Woman With Coronavirus Gives Birth, Thanks Nurses Who Cared For Her

When Shaquilla James went to the Intensive Care Unit of the McLeod Regional Medical Center last month for a severe cough, she ended up being diagnosed with COVID-19 and giving birth to her daughter on the same day.

She and her daughter both survived the ordeal, and James has since gone back to the hospital in Florence, South Carolina to thank the nurses who cared for her during that critical time. She cried as she embraced one nurse in particular, all while holding her newborn daughter.

James was placed on a ventilator during her hospitalization and doesn't remember a lot of what happened, but she remembers writing a message to nurse Kelly Orton asking her to stay by her side.

"When I finally woke up, Kelly was there," James told WPDE-TV. "You know, she explained everything to me. And when she had sat me up, I told her, I told her, 'Don't leave me.' And she didn't."

James didn't actually get to hold her daughter after she was born because she didn't want to risk possibly exposing the infant to coronavirus.

The newly formed immune systems of infants are often more susceptible to illness. In fact, one-year-old children and younger have died from COVID-19 at rates more than double the total coronavirus-related deaths for children between the ages of 1 and 14, according to data from the U.S. Centers for Disease Control and Prevention.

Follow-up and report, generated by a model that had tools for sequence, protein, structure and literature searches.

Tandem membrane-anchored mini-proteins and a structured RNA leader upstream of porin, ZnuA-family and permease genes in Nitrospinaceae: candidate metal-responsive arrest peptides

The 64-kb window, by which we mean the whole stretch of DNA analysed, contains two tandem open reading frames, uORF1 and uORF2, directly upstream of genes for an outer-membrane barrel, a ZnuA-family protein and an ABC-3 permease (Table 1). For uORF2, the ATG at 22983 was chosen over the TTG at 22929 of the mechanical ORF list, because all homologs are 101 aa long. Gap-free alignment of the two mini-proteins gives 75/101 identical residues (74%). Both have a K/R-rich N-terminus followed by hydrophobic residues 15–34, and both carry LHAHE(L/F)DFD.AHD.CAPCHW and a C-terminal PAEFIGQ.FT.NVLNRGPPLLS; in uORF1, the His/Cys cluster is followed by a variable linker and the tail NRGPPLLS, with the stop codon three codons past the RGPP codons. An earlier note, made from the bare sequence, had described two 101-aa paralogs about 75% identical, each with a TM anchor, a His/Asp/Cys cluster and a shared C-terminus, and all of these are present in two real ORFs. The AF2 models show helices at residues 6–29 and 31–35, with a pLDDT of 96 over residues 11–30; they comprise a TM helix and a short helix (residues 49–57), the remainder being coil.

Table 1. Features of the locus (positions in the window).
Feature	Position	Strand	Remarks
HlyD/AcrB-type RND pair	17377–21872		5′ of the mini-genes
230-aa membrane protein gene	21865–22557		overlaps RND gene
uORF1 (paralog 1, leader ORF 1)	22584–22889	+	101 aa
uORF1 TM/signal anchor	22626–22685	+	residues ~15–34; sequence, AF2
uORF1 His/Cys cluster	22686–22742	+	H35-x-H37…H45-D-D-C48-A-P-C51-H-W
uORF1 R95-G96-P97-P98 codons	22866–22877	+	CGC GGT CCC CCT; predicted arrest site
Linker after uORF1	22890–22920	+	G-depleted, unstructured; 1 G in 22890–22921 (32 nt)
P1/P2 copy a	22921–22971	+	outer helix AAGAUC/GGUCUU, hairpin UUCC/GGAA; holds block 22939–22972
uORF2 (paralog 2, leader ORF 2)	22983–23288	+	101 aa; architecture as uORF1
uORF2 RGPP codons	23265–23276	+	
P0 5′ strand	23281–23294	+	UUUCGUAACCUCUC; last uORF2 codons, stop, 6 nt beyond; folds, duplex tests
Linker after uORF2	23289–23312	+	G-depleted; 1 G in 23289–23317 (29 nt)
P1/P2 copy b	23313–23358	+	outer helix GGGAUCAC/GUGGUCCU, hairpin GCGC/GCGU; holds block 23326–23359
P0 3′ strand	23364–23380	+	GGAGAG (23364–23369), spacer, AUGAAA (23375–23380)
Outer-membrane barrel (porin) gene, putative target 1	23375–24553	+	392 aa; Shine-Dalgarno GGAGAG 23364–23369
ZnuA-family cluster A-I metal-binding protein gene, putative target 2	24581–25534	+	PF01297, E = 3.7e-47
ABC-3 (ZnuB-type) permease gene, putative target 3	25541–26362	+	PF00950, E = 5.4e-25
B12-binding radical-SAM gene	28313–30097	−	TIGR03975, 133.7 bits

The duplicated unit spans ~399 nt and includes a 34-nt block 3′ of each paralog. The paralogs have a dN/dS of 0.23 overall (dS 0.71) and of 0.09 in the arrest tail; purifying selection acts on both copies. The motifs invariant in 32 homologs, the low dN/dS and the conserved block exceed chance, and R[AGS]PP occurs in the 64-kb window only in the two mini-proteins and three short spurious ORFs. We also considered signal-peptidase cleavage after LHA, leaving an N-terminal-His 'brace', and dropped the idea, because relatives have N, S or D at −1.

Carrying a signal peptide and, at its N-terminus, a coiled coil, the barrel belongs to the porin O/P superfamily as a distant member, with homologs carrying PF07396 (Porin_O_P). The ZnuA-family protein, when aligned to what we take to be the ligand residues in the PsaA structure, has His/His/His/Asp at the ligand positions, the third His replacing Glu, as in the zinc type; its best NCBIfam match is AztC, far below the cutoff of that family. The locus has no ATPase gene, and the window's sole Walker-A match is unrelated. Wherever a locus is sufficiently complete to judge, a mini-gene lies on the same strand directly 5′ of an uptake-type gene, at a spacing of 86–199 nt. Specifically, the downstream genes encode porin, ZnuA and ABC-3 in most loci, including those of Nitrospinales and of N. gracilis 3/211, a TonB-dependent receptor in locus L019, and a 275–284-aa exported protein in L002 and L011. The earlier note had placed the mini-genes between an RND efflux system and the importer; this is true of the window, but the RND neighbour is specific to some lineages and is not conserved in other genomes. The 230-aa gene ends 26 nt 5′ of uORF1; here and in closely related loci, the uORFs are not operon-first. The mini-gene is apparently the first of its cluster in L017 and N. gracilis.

Instead of holding her newborn daughter, James decided to isolate herself until she recovered from the illness. The infant stayed in hospital care while James recovered, and Orton sent James pictures of and updates about her daughter so that James knew her child was safe.

"It's so exciting," Orton said about her recent reunion with James and her baby. "I have just been wanting to do that since she left.... Like, literally since the day she left."

James gave Orton a gift in appreciation for her care, and Orton and her fellow nurses signed a baby book that they gave to James as a gift.

Newsweek reached out to the McLeod Regional Medical Center for further information. This story will be updated with any response.

newborn baby
A two-week-old baby finds its feet in his new world. Christopher Furlong/Getty

James expressed gratitude for surviving the epidemic and warned others to observe safety precautions to minimize their possible exposure to the deadly virus.

Last month, another mother delivered her child after being diagnosed with COVID-19, though her story didn't have as happy an ending.

In April, Mary Agyeiwaa Agyapong, a pregnant 28-year-old nurse at England's Luton and Dunstable Hospital, consented to an emergency cesarean section because she worried that the virus would kill her before her child was born.

Her newborn daughter survived the procedure, but the mother perished shortly after on April 12. The daughter was also named Mary, after her mother. She's currently being cared for by her father.